CREDIT: This story was first seen in the Hereford Times
A boarding school has complained to its inspectorate body after an unannounced inspection found that they fell below the required standard in three areas, the Hereford Times reports.
The Independent Schools Inspectorate carried out the unannounced additional inspection at Lucton School in October following a request by the Department of Education.
However, the school’s headteacher and bursar were both absent on the day of the inspection.
Inspectors found that the school did not meet all the requirements in: safeguarding; the manner in which complaints were handled; and quality of leadership and management.
In welfare, health and safety- safeguarding the school was advised to: “Ensure that all staff understood the whistleblowing procedures, and that their understanding is checked, and are encouraged to identify any concerns freely; improve the recording of staff training in child protection to enable clear identification of who has been trained and when.”
Inspectors found that the school had an appropriate policy for safeguarding and procedures were in place to safeguard those children at risk and those in need.
The school met requirements for the written risk assessment policy. The boarding accommodation and suitability of staff also met the regulation.
The quality of education also met the regulation and the inspector commented that the school has an appropriate curriculum.
Provision of information to parents was also found to meet requirements.
However, the manner in which complaints are handled was also found to not meet the regulation standard.
The inspector said that the school had an appropriate policy but it was not implemented effectively with regard recording complaints.
“The log of complaints is unsystematic, with entries not in date order, with the dates complaints are received and the dates they are resolved missing in some cases, and some names of the complaint are absent or unclear,” said the inspector.
“Formal complaints are identified but no indication is given whether these proceed to a panel hearing. Records of the action taken, whether a complaint is upheld or not, are not sufficient, given the unsystematic recording of the log.”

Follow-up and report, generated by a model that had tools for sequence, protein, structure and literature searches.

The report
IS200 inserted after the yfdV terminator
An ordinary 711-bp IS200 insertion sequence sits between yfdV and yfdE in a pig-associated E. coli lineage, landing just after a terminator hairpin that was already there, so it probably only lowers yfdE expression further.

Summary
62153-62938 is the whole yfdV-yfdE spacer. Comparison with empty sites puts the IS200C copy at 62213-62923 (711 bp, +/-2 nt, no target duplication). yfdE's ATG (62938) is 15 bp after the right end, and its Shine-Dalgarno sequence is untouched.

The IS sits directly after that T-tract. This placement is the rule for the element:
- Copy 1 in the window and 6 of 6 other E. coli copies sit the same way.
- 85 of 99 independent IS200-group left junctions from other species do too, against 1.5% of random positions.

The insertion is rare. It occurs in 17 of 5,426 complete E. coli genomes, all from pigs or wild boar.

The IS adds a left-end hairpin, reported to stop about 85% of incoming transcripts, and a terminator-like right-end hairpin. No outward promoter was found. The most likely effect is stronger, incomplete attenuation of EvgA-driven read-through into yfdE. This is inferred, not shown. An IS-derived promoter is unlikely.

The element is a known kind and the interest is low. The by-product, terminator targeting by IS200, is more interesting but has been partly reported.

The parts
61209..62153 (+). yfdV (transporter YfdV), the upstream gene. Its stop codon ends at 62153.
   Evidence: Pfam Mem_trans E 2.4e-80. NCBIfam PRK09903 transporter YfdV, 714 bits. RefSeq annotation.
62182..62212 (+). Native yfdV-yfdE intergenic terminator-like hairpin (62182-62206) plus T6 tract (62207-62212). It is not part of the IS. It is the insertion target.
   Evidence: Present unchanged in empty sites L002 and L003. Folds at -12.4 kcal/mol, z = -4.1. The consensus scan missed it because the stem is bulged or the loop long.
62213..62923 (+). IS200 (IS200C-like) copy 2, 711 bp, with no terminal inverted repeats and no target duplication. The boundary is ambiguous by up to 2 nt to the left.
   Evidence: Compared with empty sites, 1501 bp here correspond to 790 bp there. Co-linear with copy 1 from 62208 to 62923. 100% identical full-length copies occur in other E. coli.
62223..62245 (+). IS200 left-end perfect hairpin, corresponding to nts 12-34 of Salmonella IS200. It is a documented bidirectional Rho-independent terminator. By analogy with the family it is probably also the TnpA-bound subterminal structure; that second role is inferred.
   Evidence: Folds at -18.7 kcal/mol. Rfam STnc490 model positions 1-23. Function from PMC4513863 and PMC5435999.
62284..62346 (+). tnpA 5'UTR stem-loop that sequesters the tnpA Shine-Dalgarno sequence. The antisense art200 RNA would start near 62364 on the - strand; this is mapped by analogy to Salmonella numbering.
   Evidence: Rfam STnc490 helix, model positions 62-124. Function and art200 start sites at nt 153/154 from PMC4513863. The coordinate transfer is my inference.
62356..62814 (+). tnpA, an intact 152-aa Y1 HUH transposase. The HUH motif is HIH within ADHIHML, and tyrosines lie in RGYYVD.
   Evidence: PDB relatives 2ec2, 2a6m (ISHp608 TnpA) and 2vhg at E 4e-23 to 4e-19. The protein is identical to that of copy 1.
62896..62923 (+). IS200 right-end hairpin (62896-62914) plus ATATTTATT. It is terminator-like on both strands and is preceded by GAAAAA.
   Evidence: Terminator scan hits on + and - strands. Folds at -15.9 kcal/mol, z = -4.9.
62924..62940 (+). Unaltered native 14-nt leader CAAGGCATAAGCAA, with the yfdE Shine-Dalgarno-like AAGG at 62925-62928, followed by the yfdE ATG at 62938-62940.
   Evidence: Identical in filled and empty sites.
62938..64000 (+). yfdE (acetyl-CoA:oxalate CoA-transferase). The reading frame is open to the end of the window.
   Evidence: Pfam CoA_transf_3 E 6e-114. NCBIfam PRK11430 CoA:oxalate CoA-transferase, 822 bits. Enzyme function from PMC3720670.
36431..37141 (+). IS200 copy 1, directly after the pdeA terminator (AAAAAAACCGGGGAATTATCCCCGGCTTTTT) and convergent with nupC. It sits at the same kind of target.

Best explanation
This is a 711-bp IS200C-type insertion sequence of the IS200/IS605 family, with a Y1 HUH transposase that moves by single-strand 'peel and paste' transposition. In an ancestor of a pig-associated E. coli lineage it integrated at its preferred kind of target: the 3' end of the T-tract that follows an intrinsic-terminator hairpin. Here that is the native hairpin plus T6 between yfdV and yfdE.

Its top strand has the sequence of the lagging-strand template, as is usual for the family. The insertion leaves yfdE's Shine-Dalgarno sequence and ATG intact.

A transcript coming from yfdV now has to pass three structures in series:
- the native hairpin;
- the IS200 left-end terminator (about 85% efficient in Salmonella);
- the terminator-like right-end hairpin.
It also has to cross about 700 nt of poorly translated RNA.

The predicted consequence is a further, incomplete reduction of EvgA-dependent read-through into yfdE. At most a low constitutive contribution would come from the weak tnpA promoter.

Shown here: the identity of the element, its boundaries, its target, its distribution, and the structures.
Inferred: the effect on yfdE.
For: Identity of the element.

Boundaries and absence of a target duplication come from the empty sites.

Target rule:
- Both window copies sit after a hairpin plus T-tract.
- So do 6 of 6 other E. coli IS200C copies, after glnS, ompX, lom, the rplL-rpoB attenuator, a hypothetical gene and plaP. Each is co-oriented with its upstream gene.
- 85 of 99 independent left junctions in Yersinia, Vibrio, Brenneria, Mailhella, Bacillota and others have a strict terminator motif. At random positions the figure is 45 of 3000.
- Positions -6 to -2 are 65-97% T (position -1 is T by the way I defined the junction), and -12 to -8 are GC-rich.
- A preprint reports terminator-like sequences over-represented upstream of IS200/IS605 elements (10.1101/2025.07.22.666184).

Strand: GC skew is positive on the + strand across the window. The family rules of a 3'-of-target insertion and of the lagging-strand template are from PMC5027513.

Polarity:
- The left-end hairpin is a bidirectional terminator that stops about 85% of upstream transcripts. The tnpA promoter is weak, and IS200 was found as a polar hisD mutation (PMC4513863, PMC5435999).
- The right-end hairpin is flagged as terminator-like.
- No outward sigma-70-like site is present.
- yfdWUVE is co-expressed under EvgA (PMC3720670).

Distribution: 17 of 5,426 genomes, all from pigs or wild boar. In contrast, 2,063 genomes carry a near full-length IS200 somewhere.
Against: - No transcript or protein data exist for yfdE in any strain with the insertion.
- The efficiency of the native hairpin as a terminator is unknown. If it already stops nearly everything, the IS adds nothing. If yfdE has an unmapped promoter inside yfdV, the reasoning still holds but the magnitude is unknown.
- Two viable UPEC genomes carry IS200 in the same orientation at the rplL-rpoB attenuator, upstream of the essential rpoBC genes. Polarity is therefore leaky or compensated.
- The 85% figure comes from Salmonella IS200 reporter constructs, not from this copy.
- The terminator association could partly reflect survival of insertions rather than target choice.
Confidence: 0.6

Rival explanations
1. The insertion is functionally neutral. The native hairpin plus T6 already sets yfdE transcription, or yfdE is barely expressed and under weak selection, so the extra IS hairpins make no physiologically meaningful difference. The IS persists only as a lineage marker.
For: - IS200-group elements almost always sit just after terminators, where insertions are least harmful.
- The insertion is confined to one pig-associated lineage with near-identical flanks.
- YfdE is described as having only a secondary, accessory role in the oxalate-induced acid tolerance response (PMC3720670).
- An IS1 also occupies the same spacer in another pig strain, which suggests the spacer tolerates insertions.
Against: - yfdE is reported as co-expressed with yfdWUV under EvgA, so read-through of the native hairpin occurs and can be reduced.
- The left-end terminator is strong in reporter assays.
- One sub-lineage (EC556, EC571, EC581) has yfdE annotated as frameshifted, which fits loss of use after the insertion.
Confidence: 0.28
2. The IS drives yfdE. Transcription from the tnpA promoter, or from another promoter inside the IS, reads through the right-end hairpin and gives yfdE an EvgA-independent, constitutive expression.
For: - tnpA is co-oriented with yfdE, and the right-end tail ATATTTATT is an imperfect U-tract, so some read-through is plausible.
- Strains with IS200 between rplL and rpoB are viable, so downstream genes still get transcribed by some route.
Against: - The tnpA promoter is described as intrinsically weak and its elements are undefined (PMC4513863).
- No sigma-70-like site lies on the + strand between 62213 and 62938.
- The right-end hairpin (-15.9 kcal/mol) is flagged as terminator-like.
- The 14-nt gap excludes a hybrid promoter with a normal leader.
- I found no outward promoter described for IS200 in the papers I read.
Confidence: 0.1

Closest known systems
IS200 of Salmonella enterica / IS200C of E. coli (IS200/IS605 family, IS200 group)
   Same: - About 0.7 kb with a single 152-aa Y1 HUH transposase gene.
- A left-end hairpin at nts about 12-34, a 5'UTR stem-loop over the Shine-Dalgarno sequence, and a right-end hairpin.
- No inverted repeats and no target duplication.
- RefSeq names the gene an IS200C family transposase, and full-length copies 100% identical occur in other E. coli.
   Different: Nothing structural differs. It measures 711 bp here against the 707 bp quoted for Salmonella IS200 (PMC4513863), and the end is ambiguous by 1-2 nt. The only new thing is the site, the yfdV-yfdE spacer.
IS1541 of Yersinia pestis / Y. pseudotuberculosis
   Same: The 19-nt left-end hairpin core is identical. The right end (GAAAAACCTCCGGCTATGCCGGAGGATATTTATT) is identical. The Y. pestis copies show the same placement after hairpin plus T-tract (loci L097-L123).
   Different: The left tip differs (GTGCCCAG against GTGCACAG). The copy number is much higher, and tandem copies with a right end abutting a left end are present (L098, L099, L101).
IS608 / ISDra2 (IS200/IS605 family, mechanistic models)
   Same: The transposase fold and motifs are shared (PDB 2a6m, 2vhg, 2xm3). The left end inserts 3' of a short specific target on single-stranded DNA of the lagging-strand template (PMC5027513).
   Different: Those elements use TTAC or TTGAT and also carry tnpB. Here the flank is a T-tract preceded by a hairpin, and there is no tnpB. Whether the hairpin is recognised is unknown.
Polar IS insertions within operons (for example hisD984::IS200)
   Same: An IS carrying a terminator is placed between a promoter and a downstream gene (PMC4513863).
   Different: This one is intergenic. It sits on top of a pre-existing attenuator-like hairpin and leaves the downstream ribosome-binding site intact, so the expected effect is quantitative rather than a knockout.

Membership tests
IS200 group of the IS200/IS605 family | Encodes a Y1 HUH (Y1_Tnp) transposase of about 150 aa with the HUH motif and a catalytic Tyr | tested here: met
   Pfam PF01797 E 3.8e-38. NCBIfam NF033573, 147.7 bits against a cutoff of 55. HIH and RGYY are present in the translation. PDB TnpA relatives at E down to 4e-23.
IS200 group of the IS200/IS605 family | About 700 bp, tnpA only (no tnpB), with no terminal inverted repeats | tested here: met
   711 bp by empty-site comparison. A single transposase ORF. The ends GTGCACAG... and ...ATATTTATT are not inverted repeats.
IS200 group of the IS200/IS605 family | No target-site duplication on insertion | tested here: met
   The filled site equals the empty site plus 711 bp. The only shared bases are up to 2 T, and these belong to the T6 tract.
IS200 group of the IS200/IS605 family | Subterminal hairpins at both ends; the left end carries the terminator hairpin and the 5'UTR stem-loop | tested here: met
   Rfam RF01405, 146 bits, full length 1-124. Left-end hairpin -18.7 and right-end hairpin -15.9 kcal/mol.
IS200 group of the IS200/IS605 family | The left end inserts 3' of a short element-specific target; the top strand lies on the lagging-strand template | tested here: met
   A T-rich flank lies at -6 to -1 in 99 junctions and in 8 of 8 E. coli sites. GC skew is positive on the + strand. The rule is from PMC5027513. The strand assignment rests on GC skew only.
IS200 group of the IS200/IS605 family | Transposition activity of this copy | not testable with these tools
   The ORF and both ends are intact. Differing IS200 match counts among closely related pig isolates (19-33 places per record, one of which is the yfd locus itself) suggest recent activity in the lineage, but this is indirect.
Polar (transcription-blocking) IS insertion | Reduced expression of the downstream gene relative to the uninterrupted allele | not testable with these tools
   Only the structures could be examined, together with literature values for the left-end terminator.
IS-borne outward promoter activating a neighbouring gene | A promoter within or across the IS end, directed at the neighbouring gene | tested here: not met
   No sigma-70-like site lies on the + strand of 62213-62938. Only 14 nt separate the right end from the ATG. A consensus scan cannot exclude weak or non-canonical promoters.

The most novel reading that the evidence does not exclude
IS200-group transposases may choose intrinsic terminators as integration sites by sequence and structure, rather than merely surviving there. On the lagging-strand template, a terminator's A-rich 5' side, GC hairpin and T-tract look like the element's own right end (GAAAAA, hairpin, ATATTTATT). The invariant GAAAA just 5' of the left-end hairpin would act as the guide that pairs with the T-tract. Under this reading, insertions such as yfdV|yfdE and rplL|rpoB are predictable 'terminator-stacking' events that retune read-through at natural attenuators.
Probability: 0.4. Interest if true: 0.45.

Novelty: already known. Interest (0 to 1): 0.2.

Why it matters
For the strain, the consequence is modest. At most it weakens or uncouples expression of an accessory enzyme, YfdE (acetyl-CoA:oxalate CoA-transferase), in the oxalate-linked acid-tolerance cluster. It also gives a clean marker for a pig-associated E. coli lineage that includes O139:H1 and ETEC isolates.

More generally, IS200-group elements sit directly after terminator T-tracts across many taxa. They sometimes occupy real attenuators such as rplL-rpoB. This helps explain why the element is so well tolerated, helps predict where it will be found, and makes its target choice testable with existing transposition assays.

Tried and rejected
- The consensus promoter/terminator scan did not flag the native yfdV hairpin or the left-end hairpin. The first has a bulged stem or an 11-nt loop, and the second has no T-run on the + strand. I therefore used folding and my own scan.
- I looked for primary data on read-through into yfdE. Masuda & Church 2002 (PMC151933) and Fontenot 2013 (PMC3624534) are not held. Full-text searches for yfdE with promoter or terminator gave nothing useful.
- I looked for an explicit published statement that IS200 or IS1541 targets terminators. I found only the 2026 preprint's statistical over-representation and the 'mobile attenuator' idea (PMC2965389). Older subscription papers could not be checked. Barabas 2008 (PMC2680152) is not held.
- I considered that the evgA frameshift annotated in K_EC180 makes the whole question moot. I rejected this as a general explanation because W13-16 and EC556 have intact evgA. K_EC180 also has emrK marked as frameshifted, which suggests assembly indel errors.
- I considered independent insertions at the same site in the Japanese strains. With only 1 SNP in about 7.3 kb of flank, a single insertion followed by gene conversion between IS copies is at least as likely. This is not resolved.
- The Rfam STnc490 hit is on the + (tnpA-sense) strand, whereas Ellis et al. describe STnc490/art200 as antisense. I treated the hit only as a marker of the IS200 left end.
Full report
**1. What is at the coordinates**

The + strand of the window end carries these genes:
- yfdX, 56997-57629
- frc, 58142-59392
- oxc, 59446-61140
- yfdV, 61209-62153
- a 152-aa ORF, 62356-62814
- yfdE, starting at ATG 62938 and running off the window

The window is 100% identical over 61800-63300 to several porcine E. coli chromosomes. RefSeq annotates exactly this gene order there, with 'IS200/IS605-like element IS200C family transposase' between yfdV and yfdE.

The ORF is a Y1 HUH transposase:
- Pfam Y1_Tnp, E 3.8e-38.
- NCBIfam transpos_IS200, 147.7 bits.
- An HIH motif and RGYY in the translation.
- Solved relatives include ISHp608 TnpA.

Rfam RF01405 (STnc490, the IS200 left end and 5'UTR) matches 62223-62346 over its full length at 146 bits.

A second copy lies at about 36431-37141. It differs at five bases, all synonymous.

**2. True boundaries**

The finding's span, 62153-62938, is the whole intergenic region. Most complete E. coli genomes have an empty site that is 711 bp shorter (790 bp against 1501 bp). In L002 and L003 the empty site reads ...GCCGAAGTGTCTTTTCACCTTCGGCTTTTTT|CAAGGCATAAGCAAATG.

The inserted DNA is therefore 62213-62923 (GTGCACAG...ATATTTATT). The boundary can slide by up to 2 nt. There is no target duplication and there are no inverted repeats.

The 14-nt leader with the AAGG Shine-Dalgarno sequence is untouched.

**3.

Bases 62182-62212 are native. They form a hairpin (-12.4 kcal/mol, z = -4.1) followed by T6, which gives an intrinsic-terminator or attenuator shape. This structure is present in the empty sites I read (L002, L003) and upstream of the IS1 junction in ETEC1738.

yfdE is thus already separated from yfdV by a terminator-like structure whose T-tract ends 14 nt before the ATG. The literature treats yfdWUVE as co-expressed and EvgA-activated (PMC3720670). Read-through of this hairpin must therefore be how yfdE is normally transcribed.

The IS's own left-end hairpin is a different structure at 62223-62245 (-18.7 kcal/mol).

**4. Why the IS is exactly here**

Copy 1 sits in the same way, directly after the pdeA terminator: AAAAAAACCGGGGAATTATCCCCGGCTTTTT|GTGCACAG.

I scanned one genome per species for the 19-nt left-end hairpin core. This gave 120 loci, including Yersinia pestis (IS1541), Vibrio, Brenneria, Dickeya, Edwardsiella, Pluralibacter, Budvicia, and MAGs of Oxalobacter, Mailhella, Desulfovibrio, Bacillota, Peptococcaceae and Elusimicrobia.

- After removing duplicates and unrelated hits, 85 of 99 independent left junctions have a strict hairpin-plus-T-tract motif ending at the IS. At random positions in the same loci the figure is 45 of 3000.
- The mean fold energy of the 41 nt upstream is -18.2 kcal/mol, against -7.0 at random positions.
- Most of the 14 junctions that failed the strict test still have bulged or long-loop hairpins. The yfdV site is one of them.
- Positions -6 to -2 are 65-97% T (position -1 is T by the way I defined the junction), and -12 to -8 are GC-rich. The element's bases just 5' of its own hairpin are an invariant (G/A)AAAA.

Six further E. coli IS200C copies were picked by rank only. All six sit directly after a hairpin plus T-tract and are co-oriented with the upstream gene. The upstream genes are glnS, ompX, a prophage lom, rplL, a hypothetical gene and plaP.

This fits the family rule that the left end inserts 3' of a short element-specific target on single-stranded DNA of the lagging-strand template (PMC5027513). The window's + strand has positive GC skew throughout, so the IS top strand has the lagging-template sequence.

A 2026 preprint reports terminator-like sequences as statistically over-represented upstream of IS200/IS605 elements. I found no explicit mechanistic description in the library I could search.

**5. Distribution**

The school was advised to keep a comprehensive log of formal complaints and ensure the log records action taken by the school as a result of complaints.
Inspectors also found that the quality of leadership and management did not meet the regulation.
“In particular, communication between senior managers, governors and staff is not sufficiently effective to ensure that the safeguarding of pupils is ensured with regard to all elements of statutory guidance, although the school promotes the well-being of pupils overall,” concluded the inspector.
“In particular, staff are inhibited in making constructive suggestions regarding potential improvements to the welfare arrangements of the school.
The school was also told to ‘improve communication between governors, senior managers and all staff to ensure the knowledge and skills of all staff are focused without inhibition on safeguarding pupil’s welfare’.
In response spokesman for Lucton School, Paul Thorne said that following the findings a thorough action plan has been sent to the Independent Schools Inspectorate.
“There are many positives in the report, particularly regarding the quality of education, for instance the results of public examinations show attainment at levels expected for pupils’ abilities, or above these levels,” he said.
“Even so, it’s not an ideal report and I don’t think that parts are a fair reflection on the school. The headteacher and bursar were not there on the day and the two deputies had been in their post only three weeks. This certainly had a negative impact, with some wrong documents being presented and no-one really suitable to respond to issues raised.
“We have sent a positive action plan and we are looking forward.”
He added that staff have received further whistle blowing training and that School Governors had met with staff to discuss whistle blowing.
The school has also submitted a complaint to the ISI about the manner in which the unannounced inspection was carried out.
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